Colleges and universities are preparing for a new school year amid uncertainty about when and how campuses will open. But one thing is clear — the expanded use of virtual learning environments will open up campuses to greater security risks.
Security leaders in higher education need a solution that fits current demands to authorize and authenticate users’ identities quickly and ensure they can securely access the resources they need, according to a new report.
Colleges and universities have made progress implementing a centralized login credentialing process in an effort to reduce IT friction for users and limit the burden on help desks to reset passwords. But today, more integrated cloud-based identity platforms are needed that can automate IT workflows and give administrators greater visibility into daily IAM activities and account provisioning, says the new report, produced by EdScoop and underwritten by Okta.
Multi-factor and policy-based identity
Balancing security and user experience have always been important for higher education institutions. Because they have diverse user populations, they need the ability to recognize and control segmented access rights.
Establishing identities and roles helps to define a user where access requests intersect, says Kelsey Nelson, senior product marketing manager at Okta, in the report. For example, students and faculty need different access privileges to a given class’s gradebook. And a graduate student can be a student one minute and serve in the role of an instructor in the next minute.
Robust identity authentication solutions can bypass the need for a username and password, and instead allow organizations to establish tiered policies and requirements that can prompt for a second factor for authentication.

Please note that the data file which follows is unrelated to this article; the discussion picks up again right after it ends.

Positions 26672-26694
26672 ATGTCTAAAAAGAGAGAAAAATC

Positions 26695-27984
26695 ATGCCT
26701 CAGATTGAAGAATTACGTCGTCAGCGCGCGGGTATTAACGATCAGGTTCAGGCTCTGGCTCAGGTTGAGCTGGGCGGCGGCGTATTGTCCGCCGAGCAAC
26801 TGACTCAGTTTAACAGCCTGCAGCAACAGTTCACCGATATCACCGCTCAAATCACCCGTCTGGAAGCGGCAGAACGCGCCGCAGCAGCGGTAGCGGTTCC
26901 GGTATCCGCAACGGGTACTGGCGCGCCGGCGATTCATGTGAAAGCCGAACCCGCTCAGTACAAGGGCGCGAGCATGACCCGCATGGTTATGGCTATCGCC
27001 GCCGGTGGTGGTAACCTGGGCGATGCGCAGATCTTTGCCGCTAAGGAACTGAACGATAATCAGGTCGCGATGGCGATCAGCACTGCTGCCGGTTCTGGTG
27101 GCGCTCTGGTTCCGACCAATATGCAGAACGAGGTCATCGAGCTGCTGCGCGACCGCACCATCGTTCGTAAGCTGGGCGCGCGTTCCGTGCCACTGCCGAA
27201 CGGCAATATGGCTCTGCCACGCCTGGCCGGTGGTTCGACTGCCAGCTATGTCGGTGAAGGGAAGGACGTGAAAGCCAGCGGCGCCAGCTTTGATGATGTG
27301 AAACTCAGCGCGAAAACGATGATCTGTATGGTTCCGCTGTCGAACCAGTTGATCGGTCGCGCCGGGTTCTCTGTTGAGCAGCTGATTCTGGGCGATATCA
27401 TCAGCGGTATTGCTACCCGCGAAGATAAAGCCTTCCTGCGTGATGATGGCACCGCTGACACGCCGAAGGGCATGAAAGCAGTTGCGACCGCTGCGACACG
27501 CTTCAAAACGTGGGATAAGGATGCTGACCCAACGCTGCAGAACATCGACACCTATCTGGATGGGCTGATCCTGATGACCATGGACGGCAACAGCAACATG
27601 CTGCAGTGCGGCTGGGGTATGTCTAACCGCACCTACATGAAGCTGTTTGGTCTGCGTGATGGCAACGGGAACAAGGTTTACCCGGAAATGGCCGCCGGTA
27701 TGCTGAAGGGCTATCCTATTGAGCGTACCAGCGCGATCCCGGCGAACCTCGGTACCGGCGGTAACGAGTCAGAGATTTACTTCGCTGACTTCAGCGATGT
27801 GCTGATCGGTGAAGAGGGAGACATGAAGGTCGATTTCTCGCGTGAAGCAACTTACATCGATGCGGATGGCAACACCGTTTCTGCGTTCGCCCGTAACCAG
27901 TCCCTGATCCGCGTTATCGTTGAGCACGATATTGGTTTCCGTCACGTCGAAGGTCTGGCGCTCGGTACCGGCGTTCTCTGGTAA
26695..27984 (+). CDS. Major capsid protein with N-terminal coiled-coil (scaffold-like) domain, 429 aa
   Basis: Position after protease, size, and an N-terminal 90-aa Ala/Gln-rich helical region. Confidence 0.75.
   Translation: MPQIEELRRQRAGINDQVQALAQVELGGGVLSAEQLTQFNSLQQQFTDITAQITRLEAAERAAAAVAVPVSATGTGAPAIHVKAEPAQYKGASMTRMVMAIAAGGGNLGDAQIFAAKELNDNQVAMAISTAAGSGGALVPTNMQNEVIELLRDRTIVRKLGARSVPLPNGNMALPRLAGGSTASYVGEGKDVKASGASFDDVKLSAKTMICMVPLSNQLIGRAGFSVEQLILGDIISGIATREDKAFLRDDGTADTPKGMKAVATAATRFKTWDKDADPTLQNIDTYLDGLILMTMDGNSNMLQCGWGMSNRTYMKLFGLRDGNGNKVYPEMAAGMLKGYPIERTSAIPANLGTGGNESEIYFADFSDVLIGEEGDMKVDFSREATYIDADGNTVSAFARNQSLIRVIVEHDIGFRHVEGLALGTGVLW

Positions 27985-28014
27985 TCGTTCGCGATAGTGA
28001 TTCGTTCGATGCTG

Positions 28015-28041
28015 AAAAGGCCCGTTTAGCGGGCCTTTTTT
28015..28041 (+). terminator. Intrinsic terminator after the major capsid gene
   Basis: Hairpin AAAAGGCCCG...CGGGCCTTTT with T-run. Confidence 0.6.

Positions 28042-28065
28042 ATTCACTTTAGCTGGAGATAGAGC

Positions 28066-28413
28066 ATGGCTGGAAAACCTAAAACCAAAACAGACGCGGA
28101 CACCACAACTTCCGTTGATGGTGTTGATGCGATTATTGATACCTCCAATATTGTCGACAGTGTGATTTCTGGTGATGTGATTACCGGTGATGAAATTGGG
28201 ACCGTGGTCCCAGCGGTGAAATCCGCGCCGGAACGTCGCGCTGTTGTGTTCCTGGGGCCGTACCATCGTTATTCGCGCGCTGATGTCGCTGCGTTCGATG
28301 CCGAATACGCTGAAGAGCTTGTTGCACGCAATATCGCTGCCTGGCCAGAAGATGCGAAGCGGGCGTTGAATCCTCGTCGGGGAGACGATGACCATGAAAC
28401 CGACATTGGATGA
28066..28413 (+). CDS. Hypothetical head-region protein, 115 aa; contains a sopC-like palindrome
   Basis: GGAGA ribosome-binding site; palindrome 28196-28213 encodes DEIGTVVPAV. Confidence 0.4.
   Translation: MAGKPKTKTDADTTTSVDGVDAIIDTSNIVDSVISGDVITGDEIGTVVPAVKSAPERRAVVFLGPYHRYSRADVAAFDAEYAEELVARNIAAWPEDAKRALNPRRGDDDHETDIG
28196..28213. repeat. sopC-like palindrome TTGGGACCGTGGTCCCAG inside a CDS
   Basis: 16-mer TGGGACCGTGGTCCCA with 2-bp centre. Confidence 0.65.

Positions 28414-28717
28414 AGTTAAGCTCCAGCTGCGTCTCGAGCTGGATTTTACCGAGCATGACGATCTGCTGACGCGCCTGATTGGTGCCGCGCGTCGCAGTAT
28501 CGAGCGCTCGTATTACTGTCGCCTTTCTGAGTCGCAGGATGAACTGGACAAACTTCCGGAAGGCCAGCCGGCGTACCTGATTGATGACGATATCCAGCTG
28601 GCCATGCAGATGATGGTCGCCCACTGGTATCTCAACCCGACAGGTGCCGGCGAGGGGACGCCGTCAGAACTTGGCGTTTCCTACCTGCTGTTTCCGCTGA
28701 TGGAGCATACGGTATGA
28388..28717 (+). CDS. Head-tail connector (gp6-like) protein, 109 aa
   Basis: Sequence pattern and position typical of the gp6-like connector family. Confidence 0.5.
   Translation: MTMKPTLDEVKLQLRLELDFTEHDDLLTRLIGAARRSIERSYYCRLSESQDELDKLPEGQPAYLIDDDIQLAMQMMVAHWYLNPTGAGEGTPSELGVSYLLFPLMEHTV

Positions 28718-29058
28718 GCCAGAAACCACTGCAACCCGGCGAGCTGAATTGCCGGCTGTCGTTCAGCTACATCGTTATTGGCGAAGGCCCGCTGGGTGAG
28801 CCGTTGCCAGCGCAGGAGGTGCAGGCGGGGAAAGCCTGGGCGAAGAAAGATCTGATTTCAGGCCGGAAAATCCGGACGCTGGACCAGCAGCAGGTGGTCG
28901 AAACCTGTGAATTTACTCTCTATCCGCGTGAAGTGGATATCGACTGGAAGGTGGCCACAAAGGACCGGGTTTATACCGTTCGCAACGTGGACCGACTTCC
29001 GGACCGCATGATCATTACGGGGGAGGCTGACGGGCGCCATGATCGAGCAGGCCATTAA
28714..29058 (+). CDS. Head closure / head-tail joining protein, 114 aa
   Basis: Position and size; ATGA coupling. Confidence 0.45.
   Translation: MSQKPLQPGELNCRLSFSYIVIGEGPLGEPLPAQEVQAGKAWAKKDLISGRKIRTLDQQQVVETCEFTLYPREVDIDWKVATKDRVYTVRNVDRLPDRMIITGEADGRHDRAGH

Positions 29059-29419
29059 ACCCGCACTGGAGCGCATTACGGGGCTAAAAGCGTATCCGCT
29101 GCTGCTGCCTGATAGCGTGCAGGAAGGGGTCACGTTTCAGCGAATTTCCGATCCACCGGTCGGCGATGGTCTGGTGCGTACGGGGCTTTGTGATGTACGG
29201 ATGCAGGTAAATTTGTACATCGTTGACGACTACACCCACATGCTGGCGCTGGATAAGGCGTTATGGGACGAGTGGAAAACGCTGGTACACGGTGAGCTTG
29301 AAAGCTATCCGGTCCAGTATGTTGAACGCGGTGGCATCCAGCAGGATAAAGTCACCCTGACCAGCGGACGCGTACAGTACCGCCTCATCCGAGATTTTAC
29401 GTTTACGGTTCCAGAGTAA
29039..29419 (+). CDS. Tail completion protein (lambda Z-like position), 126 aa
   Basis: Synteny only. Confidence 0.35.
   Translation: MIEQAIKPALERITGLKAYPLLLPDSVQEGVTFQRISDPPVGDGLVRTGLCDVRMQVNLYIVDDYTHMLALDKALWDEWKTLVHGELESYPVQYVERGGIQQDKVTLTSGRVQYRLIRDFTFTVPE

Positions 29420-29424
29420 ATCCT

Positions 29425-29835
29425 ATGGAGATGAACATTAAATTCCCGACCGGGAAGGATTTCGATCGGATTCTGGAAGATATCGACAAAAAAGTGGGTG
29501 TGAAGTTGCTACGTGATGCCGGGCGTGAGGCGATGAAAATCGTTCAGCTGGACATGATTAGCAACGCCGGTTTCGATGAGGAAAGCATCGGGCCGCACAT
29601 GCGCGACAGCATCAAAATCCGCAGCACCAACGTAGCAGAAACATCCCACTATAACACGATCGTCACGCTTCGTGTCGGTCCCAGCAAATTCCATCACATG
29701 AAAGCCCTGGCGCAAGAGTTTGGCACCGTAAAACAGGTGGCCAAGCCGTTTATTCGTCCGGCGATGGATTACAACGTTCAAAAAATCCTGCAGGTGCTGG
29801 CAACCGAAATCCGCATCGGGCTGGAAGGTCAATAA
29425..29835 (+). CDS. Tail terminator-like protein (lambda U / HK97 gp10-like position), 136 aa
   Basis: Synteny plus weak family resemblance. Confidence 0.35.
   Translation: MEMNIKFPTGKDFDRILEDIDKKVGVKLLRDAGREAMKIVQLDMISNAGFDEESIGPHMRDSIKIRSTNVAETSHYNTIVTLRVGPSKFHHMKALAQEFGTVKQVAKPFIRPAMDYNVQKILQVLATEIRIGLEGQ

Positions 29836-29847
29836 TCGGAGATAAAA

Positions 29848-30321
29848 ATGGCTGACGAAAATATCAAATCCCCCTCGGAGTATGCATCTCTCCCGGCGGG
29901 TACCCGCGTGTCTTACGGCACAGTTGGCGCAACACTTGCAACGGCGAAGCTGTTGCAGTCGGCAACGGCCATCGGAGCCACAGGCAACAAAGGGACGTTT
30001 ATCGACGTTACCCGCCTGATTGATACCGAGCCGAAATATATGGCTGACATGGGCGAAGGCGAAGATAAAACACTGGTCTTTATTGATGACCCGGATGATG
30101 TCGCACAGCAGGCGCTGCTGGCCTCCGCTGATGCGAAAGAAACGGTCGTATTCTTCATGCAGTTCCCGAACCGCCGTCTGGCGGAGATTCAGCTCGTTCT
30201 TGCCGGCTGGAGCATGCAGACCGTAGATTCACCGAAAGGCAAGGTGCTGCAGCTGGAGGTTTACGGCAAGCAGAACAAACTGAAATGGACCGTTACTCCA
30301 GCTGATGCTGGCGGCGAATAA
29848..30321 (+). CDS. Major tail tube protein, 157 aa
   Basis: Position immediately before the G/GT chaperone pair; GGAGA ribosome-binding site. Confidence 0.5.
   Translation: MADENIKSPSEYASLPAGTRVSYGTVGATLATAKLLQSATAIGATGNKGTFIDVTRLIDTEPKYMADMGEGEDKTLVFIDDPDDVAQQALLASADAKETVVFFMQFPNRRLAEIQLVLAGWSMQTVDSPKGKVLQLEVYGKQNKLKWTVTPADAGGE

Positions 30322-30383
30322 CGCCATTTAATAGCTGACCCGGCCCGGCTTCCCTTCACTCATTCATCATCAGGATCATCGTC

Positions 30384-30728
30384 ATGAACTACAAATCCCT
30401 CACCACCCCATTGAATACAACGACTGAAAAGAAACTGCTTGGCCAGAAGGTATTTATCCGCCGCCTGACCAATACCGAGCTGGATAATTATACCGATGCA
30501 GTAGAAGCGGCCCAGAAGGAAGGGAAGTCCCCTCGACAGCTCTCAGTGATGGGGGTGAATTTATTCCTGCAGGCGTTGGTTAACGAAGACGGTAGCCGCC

The future of passwordless authentication
“Passwordless authentication may be one of the most impactful steps that an organization can take to manage a range of security risks,” the report says.
Passwordless authentication offers advantages in streamlining users’ experience, and redefining logins can reduce or even eliminate a majority of password-based attacks.
However, to make the system work, organizations need a robust policy management solution, coupled with an appropriate security risk framework, to designate instances when the user needs to authenticate only once using passwordless access, and other times when they need a second factor.
“For example, if a student loses their phone, a policy that requires they use the same application on their phone every time is not an effective policy,” Nelson explains. “But in that same scenario, if that student meets other authentication factors — those can be network, application, geography, the resource they are trying to access or known user behavior — the system will double check their identity because it’s a new phone, but won’t need to check it again after.”
Going passwordless is an evolutionary process and requires careful planning. The report touches on several types of solutions for a passwordless experience, depending on the use case, including:
- Email magic links with one-time password (OTP) tokens.
- Factor sequencing to give contextual awareness and intelligence to configure multiple authentication factors.
- FIDO2/WebAuthn passwordless authentication framework for web applications running on a FIDO2 supported browser.
“By 2022, Gartner predicts that 60% of large enterprises, and 90% of midsize enterprises, will implement passwordless methods in more than 50% of use cases — up from 5% in 2018,” according to Gartner’s vice president analyst, Ant Allen, cited in the report.
As colleges and universities continue to rethink how they will deliver a mixture of classroom and online learning, they will inevitably need more modern, cloud-based IAM platforms to better manage and protect their systems, resources and users.
Read more about the future of identity and access security.
This article was produced by EdScoop and sponsored by Okta.